Category Archives: Economics

Congress Take Note: New Reports Show Progress for US Fisheries

status_determination_listings_2013_status_of_stocksThe National Oceanic and Atmospheric Administration (NOAA) last week released two reports pointing to continued improvements in US fish stocks. Taken together, they send a clear message: that fisheries nationally are turning the corner as sustainable and more innovative management approaches take hold. Congress should take note.

The first report, the so-called Status of Stocks report to Congress  revealed that seven stocks were removed from the overfishing list last year and four from the overfished list. Two more stocks were declared “rebuilt,” bringing the total number of rebuilt stocks to 34 since 2000. Twenty-eight species are still on the report’s overfishing list, reminding us that there is still work to be done. But after decades of mismanagement that depleted fisheries and hurt coastal communities, the positive momentum of recent years is unmistakable.

The second report released concurrently by the agency, Fisheries Economics of the US 2012, underscored the critical role that healthy fisheries play in our nation’s economy. According to the report, U.S. commercial and recreational saltwater fishing generated more than $199 billion in sales in 2012, a gain of 7% over the previous year. It also found that the economic impact of fishing jobs increased 3% from 2011 to 2012. Such year-on-year growth is to be welcomed.

2012_feus_jobsThe news in U.S. fisheries is not universally positive. A number of fish populations remain in serious trouble, and there are individual fishermen in some regions who face enormous financial hardship through no fault of their own. We should not lose sight of that. But we also shouldn’t allow that to obscure the clear trend towards more vibrant fisheries that we’ve seen in recent years.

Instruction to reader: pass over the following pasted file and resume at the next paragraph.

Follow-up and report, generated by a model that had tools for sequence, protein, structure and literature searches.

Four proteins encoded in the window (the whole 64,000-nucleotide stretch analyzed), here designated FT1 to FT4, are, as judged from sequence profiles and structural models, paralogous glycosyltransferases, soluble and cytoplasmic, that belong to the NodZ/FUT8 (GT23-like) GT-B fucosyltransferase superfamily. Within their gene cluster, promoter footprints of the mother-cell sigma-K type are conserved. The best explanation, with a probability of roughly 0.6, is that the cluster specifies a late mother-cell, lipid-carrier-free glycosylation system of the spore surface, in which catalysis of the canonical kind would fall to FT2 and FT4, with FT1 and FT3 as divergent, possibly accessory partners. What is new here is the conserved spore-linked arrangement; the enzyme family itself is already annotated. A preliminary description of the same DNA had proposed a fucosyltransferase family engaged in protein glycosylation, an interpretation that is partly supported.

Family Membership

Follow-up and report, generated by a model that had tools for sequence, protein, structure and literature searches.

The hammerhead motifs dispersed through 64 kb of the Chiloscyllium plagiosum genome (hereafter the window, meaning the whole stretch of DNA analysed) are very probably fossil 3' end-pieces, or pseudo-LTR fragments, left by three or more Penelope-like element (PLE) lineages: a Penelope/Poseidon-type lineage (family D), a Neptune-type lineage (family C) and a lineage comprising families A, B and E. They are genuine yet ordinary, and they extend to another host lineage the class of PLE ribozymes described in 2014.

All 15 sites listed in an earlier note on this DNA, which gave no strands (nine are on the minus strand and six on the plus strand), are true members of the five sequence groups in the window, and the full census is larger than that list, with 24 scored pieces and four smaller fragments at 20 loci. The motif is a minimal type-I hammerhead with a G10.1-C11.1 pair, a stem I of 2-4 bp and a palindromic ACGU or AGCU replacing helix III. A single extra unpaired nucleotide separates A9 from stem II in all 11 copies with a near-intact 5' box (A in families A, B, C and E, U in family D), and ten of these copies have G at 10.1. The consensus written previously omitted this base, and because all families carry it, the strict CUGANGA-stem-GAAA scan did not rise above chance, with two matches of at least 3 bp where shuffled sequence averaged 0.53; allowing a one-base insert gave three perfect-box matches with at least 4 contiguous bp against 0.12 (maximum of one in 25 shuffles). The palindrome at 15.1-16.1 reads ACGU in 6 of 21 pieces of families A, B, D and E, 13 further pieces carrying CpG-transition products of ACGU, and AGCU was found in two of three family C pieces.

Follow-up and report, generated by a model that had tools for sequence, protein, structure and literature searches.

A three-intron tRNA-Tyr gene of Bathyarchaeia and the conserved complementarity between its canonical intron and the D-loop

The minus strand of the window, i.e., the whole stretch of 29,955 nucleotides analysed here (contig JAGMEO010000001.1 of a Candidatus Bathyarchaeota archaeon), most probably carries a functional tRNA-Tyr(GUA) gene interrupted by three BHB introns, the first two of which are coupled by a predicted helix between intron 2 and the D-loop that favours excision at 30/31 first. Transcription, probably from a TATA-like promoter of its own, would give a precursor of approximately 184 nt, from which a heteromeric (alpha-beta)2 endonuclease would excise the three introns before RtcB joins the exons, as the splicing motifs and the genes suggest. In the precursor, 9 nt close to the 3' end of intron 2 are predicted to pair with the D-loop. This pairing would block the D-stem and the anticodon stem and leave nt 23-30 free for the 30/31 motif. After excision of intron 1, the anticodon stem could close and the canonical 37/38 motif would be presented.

Let’s hope that Congress is taking clear note of what these reports say as it tackles three important issues in the coming weeks:

  • Appropriations: The House and Senate are currently moving through committee the bill that will fund the National Marine Fisheries Service in fiscal year 2015.  It is crucial that we continue to invest in the management of our nation’s fisheries to ensure their continued recovery and long-term success. Just as we invest in roads and bridges on land, the information infrastructure of fisheries is what allows the economy around them to thrive. As Congress struggles with tight budgets, it must do more to give the National Marine Fisheries Service the financial resources it needs to succeed.
  • Anti-Fisheries Rider: In what has become an unfortunate annual tradition, Congressman Steve Southerland of Florida seems set to make another attempt to usurp the authority of local fishery managers by taking an important fishery management tool called catch shares out of their toolbox. Improved management in a number of fisheries through the adoption of catch shares is a critical ingredient in the successes that last week’s reports details. By aligning the economic and conservation interests of participants in these fisheries, catch shares have allowed fishermen the freedom to fish when it makes sense for them, given them a tangible stake in the long-term health of the fishery, and enabled more robust enforcement of science-based catch limits. According to NOAA’s economic report,